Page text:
The sales techniques may be a bit old hat, but Tim Luckhurst found plenty of surprises at this year's national biking show

On the opening day of the 2004 Motorcycle and Scooter Show, the sun shone brightly from a near cloudless sky. A first glance inside the NEC in Birmingham confirmed the impression. It resembled a Bush/Cheney victory party in rural Virginia. T-shirts proclaimed the sort of slogans beloved of good ole boys everywhere: "Dip me in a lesbian. I don't like chocolate" and "Do my balls look big on this?" Heavy rock music pulsated and semi-naked women were being paid to dance to it.

Two-wheelers, particularly scooters, are increasingly popular among women, but the motorcycle industry is struggling to adapt. Superbike Magazine made no concessions. On its stand, a girl in distractingly tight white shorts was pole dancing in the general vicinity of a racing motorcycle. Harley Davidson did a little better. Their dance troupe wore jeans and shirts to gyrate behind the new ultra-low Sportster XL883, which, confusingly, is designed specifically for female riders. Suzuki was not even that mixed up. Catherine and Jo draped themselves across a GSXR750 and smiled bravely through a barrage of predictable jibes about "fur-lined seat warmers" and "comfortable rides".

The list of companies promoting their products via gratuitous displays of young female flesh was long. Even finance and insurance companies seem to consider it appropriate to link motorcycling with a 30-year-old perception of women. One insurance company opted for strappy high heels and micro-shorts, but all-in-one body stockings and black lace were popular, too.

Boringly, predictable the marketing certainly is, but it should not put motorcyclists and aspiring riders off a visit to the NEC this week. The Motorcycle and Scooter Show is simply the best opportunity in Britain to see the latest two-wheeled technology under one roof. Here you can inspect and buy everything from the new 167bhp BMW K1200S to a synthetic Mohican hair strip for your helmet, or marvel at the revived Triumph range that has won the British marque record sales on both sides of the Atlantic. The range of machinery, clothing and advice is unparalleled and the facilities are good, too, such as a crèche run by Nipperbout and the BSM Try a Scooter track.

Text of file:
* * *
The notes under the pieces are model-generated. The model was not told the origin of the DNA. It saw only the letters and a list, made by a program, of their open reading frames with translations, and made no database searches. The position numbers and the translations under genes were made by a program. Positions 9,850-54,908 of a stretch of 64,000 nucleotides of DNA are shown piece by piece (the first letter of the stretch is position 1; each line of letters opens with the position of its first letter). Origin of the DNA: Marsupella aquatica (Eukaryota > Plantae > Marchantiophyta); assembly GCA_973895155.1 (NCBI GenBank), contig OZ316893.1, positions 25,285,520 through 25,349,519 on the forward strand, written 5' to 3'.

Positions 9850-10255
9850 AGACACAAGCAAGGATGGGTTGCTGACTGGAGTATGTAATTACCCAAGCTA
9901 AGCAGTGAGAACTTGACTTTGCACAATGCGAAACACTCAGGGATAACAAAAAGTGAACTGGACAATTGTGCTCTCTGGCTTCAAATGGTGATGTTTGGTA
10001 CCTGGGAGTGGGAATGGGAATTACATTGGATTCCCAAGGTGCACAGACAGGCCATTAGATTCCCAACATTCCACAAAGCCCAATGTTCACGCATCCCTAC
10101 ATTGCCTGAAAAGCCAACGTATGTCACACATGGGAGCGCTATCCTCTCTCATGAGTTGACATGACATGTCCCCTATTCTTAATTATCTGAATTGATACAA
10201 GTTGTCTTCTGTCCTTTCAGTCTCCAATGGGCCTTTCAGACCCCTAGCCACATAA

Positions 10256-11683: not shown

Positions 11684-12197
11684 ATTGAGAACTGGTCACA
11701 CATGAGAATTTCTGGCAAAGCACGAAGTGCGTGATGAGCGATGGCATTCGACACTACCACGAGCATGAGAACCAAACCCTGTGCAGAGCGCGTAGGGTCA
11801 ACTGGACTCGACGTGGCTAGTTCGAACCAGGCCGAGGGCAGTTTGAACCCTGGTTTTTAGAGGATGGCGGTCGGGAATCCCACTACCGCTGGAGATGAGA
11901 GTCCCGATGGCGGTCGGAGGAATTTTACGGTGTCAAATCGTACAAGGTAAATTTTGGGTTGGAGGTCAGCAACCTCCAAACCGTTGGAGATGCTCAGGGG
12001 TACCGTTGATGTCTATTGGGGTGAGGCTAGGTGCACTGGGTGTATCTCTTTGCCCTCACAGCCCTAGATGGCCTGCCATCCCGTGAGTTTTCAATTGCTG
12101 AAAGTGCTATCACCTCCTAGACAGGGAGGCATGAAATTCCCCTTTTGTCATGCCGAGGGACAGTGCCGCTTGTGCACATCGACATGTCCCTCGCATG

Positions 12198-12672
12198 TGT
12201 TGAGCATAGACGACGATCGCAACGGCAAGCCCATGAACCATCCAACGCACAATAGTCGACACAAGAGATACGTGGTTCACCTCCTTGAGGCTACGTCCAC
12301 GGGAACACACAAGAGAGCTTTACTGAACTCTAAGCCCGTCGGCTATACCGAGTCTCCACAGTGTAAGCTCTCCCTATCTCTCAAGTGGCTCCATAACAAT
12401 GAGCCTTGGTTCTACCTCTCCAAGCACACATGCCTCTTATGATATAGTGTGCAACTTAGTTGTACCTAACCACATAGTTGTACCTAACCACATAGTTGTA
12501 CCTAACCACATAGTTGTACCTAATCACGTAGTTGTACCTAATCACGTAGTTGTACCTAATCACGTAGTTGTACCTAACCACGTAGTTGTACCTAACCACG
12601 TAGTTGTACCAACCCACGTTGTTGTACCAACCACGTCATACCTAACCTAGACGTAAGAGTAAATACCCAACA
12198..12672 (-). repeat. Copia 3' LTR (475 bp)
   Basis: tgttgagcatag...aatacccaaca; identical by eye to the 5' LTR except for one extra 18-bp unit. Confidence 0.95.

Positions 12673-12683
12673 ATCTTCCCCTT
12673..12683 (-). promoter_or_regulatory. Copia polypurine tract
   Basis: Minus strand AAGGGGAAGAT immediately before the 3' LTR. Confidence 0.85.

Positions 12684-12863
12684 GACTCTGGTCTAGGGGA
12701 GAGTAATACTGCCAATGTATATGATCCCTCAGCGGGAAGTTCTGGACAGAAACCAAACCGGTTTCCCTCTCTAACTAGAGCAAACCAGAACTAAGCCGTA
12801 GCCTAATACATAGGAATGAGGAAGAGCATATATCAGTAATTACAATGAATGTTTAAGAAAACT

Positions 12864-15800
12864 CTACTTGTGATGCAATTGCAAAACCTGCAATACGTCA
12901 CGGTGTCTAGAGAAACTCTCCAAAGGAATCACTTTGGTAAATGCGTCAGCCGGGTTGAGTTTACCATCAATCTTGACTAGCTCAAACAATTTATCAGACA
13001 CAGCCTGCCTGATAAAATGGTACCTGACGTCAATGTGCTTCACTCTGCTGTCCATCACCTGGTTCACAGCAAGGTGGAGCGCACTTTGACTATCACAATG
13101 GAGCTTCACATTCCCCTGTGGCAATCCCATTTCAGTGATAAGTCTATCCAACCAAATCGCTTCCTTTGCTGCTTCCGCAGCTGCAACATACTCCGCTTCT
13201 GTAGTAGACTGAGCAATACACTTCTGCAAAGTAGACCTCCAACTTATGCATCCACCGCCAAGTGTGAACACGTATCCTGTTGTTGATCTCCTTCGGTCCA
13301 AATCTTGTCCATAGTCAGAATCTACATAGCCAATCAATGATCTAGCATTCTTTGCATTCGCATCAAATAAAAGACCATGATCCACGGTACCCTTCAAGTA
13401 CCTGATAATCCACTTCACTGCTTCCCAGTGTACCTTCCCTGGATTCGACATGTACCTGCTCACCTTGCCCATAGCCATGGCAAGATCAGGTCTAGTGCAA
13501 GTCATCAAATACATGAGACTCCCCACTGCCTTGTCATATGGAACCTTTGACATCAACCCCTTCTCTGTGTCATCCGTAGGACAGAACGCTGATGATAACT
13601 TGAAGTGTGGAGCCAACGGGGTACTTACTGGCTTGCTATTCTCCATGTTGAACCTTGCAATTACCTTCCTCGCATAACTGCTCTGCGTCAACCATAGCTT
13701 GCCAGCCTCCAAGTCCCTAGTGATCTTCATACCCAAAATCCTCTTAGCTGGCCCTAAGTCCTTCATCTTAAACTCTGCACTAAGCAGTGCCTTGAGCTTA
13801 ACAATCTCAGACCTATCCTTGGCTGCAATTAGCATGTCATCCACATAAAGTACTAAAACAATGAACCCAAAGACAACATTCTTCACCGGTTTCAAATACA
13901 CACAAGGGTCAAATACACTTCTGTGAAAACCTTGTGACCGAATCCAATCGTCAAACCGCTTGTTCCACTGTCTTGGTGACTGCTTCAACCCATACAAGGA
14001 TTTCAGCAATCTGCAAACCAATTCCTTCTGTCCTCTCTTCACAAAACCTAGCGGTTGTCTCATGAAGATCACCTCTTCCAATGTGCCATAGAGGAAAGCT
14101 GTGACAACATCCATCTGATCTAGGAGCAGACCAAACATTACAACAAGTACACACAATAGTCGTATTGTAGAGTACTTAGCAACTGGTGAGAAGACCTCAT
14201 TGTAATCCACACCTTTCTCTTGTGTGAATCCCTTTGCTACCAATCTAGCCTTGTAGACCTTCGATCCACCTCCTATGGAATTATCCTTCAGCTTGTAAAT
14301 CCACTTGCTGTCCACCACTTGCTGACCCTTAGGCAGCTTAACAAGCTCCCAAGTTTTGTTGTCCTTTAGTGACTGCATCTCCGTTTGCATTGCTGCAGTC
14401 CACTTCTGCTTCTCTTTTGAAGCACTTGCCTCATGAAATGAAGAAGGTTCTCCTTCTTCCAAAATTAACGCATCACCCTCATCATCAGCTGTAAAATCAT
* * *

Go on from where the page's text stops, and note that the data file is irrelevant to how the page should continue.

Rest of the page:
Mike Loydall, head of rider training with BSM, explains. "A lot of those who come to the show are dreamers. They love the idea of motorcycling but they have never actually learned to ride. Under the supervision of our instructors, a novice can learn a lot in 20 minutes. It's often enough to persuade them to turn their dream into reality."

While the novice is coming to terms with a scooter and the experienced rider is checking out superbikes including the new Yamaha MT-01 Sports Roadster, Triumph Rocket III and Suzuki GSX-R1000, there is plenty to amuse children. In the Trials Arena, top professional riders including world champion Dougie Lampkin demonstrate tricks including a racing pyramid. BSM have installed interactive screens at which young riders can check what is required to pass the motorcycle theory test and the Try a Scooter facility is open to children who reach a minimum height requirement. For those who don't, a PlayStation ride-simulator offers the next best thing.

Behind the stockings and mini skirts, the Motorcycle and Scooter show is full of surprises. My personal favourite is the new Tracker anti-theft device. All motorcyclists know the statistics; they are reflected in our insurance premiums. Bikes are twice as likely to be stolen as cars but only half as likely to be recovered. Traditional GPS/GSM location devices are useless because motorcycle thieves rarely ride the machine away. They lift it into a van or container lorry and remove security devices later. Once inside a metal box a GPS transmitter is useless. Now Tracker have devised a VHF radio version that will transmit through metal. At £399 for the basic version it is not cheap, but neither is losing an expensive motorbike.

Having discovered gems like the Tracker and the gratuitous-babe-free-zones offered by BMW, Ducati and Triumph, I was beginning to feel more positive about the Motorcycle Show. My well-being was increased by a visit to the Classic Village. I had no idea a 1964 Suzuki looked like that and I do wish modern technology was compatible with the shape of a 1970s Moto Guzzi. But it took an attractive woman to turn my grimace into a big smile.

Standing at the Biker Babe stall (, owner Samantha Hatch looked like another luscious model hired to charm me. Her T-shirt said, "I'm smiling because I've just had a fabulous ride." But there was something wrong. Two male models, Simon and Steve, accompanied her. "They're my bitches," she says. "I've hired them to do my bidding for the day."

Biker Babe aims to profit from misogyny. Samantha, whose day job is an air traffic controller, says, "Motorcycling is very male-dominated. Women are taking more bike tests but find it hard to buy good kit. If you go into a bike shop all the women's gear is hidden away and a lot of it is badly cut. We pull all the gear on the market together on one website and print some cheesy t-shirts, too."

The excellent and intriguing Motorcycle and Scooter Show would do itself a favour if it promoted itself with images of female riders like Samantha instead of catwalk lingerie models, but that goes for most of the bike industry. Excellent products deserve subtler promotion, but a visit to the NEC suggests that the increasingly successful British and European motorcycle and scooter companies understand that. Japan has some work to do.

The Motorcycle and Scooter Show is at the NEC until 14 November

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